The escalating criminal investigation provides an extremely limited substitute for a bipartisan investigation, a la the 9/11 Commission, into the causes and lessons of Jan. 6, which has been pushed by congressional Democrats and scuttled by their Republican counterparts.

Defied pandemic restrictions

Minuta’s relationship with the Oath Keepers and Stewart dates to at least last spring, when Minuta became a cause celebre when he reopened his Newburgh, New York tattoo shop in defiance of pandemic restrictions. That prompted Rhodes to name him “a lifetime Oath Keeper,” prosecutors said. Later, Minuta would personally etch a tattoo on Stewart’s wrist with the words, “We the People.”

On Jan. 4, Stewart issued a call to arms, posting on the Oath Keepers’ website, according to court documents:

Credit: (FBI)
May 30, 2020: Roberto Minuta in a Oath Keeper shirt

“It is CRITICAL that all patriots who can be in DC get to DC to stand tall in support of President Trump’s fight to defeat the enemies foreign and domestic who are attempting a coup, through the massive vote fraud and related attacks on our Republic…

“As we have done on all recent DC Ops, we will also have well armed and equipped (Quick Reaction Force) teams on standby, outside DC, in the event of a worst case scenario, where the President calls us up as part of the militia to assist him inside DC…

“We’re going to defend the president, the duly elected president, and we call on him to do what needs to be done to save our country. Because if you don’t guys, you’re going to be in a bloody, bloody civil war, and a bloody — you can call it an insurrection or you can call it a war or fight…

“We want him to declare an insurrection, and to call us up as the militia.”

More details of that day

This is how the Jan. 6 insurrection played out for Minuta, according to the May 31 indictment:

After his executive protection assignment with Roger Stone, Minuta changed into his paramilitary gear, which included bear spray. As a crowd of Trump supporters first surged through police barricades onto Capitol grounds, he placed a call to Rhodes at 12:58 p.m., which lasted a little over a minute. At 1:02 p.m., Rhodes returned Minuta’s call, which lasted approximately one minute 48 seconds. Then, around 1:40 p.m. Rhodes sent a message to the Leadership Signal Chat, saying, “All I see is Trump complaining. I don’t see him doing anything. So the Patriots are taking it into their own hands they’ve had enough.”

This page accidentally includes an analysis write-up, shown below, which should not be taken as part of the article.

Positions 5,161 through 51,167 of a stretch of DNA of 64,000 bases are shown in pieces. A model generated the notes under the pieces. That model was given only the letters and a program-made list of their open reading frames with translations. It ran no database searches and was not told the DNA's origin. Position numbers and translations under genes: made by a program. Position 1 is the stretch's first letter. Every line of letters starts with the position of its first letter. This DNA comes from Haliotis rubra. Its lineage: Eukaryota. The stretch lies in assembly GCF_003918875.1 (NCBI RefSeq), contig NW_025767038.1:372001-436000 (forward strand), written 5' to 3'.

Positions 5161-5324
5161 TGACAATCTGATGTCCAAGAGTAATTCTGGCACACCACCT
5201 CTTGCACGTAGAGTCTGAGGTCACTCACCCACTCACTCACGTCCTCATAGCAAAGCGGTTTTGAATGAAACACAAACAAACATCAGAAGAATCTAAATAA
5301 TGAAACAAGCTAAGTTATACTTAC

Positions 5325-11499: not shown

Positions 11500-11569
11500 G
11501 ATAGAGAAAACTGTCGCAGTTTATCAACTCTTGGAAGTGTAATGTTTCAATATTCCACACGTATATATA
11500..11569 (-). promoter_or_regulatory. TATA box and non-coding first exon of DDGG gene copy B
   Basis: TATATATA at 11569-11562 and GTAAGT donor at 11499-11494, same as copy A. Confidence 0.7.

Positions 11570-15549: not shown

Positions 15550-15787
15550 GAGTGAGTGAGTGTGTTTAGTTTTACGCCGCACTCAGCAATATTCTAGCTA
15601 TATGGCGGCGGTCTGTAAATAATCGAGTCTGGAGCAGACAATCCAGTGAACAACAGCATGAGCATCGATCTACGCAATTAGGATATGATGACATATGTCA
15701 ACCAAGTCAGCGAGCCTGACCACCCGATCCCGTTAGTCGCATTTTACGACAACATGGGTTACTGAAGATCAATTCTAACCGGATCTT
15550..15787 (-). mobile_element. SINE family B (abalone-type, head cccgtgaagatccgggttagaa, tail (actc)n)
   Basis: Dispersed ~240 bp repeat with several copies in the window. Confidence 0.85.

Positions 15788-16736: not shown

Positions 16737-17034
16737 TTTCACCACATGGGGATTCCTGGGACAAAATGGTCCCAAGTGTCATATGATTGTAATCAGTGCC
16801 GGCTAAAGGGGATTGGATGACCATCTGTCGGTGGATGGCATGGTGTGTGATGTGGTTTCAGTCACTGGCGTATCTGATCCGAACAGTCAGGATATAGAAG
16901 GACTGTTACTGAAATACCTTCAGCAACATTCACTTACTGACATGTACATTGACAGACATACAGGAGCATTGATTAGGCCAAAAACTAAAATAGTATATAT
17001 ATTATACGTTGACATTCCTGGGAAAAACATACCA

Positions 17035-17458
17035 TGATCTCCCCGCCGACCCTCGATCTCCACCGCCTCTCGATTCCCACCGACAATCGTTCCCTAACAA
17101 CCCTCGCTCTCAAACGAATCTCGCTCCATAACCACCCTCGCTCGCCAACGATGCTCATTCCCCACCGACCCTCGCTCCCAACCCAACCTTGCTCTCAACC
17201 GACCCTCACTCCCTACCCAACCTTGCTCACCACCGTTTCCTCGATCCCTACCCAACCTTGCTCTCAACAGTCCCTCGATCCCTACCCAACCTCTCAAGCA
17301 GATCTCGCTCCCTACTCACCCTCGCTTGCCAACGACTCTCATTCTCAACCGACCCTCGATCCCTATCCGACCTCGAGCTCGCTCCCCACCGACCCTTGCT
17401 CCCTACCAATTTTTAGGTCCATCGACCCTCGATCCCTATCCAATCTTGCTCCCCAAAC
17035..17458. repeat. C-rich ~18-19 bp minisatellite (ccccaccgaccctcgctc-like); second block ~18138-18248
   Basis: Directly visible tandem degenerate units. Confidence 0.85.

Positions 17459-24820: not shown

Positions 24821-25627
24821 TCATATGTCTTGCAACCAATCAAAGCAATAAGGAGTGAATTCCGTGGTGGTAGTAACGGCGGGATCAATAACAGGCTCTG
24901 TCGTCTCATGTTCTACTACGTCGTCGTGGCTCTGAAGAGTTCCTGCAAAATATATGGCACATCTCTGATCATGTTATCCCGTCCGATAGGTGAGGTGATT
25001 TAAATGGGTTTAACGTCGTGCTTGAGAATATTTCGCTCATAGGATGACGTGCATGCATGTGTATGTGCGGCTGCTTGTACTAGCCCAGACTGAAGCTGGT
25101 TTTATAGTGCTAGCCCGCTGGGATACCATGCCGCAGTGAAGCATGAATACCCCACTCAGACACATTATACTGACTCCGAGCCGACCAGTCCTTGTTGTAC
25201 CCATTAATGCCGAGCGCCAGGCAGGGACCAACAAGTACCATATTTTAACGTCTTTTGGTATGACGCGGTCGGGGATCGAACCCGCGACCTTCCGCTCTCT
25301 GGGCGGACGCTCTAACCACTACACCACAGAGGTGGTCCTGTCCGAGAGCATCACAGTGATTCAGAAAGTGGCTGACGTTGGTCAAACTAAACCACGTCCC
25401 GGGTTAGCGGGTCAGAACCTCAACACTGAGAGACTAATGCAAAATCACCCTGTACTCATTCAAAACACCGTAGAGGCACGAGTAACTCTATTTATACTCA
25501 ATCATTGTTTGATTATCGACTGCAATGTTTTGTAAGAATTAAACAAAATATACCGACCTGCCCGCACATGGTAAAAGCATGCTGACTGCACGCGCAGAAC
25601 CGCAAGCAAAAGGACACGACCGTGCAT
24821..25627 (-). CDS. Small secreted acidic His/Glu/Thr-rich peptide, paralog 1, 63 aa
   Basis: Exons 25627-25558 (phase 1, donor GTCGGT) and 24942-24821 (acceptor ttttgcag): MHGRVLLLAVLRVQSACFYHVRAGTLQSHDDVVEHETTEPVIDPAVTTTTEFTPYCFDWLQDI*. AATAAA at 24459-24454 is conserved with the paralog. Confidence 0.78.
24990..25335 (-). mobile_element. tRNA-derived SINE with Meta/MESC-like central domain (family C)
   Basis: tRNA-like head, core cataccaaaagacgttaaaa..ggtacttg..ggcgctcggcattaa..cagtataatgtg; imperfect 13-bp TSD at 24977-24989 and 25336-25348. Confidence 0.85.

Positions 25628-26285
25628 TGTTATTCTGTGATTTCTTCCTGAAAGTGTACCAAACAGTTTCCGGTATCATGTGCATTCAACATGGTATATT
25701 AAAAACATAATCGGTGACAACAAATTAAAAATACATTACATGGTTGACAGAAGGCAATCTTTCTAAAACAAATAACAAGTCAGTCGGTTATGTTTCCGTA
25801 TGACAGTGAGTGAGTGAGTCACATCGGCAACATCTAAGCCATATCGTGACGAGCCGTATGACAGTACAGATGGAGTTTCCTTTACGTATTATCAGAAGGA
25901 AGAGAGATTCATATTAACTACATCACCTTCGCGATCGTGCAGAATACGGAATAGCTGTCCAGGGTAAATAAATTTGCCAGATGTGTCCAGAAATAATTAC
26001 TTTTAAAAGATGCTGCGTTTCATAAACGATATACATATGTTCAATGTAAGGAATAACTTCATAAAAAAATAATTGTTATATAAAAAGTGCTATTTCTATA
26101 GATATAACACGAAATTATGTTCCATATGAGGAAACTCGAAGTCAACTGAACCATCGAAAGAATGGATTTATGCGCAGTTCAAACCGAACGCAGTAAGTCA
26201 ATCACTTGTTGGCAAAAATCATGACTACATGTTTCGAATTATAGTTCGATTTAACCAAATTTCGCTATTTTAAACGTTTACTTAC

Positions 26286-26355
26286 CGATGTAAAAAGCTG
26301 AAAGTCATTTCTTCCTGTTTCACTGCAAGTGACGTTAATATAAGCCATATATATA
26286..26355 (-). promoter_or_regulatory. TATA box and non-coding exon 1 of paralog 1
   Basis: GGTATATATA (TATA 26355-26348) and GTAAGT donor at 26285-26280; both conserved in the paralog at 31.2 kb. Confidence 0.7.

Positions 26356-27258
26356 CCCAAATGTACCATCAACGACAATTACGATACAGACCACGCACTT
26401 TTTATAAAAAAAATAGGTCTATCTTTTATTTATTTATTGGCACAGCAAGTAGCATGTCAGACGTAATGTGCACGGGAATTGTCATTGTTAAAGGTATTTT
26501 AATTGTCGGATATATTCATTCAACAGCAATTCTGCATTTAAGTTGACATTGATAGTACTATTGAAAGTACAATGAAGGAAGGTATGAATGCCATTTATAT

Between 2:30 p.m. and 2:33 p.m., Minuta, alleged fellow conspirator Joshua James and others sped to the Capitol in a pair of golf carts, “at times swerving around law enforcement vehicles, with Minuta stating ‘Patriots are storming the Capitol building; there’s violence against patriots by the D.C. Police; so we’re en route in a grand theft auto golf cart to the Capitol building right now… it’s going down, guys; its literally going down right now Patriots storming the Capitol building… f—-ing war in the streets right now… word is they got in the building … let’s go.’”

Credit: (FBI)
Jan. 6, 2021: Roberto Minuta at the U.S. Capitol. According to the FBI, Minuta was aggressively addressing law enforcement officers who had formed a perimeter around an entrance to the Capitol’s east side.

Once they arrived, Minuta berated and taunted law enforcement officers guarding the perimeter of the Capitol. The two men entered the Capitol at 3:15 p.m. Once inside, Minuta and James pushed their way toward the Rotunda past Capitol police officers. At 3:17 p.m., when the two men reached the Rotunda, Minuta recorded the events with a camera, and yelled, “This is what’s bound to happen, just get out! Get out! Get these cops out! It’s our f–ing building! Get ‘em out, get out!” At 3:19 p.m., while exiting the building, Minuta held up two fingers and yelled at a law enforcement officer, among other things, “All that’s left is the Second Amendment!”

At 4 p.m., Minuta and Rhodes exchanged phone calls.

Security for right-wing VIPS

According to the new court filings, Minuta and James, from Alabama, had met before, and Minuta had a history of providing security for high-profile right-wing VIPs.

The two men, in fact, had been in contact throughout November and December. For example, they exchanged approximately eight phone calls on Nov. 13 and 14, 2020. On Nov. 14, Minuta operated as a personal security detail for Alex Jones, the incendiary right-wing radio host, at a MAGA rally in Washington.

On Nov. 20 and Dec. 11, Minuta and James exchanged two phone calls. On Dec. 12, Minuta  marched alongside former Trump national security adviser Mike Flynn when he attended a similar march in Washington.

Earlier this year, the Washington Post reported that the Department of Justice and FBI had launched a probe into whether high-profile right-wing figures like Jones and Stone played a role in the Capitol breach on Jan. 6.

Minuta was released on bail in March. On April 15, he visited his tattoo parlor in New York, which had been vandalized. There he filmed a Facebook video in which he said,  “I’m praying for all of you that have such hate in your hearts that you find it necessary to try and destroy an already broken man.”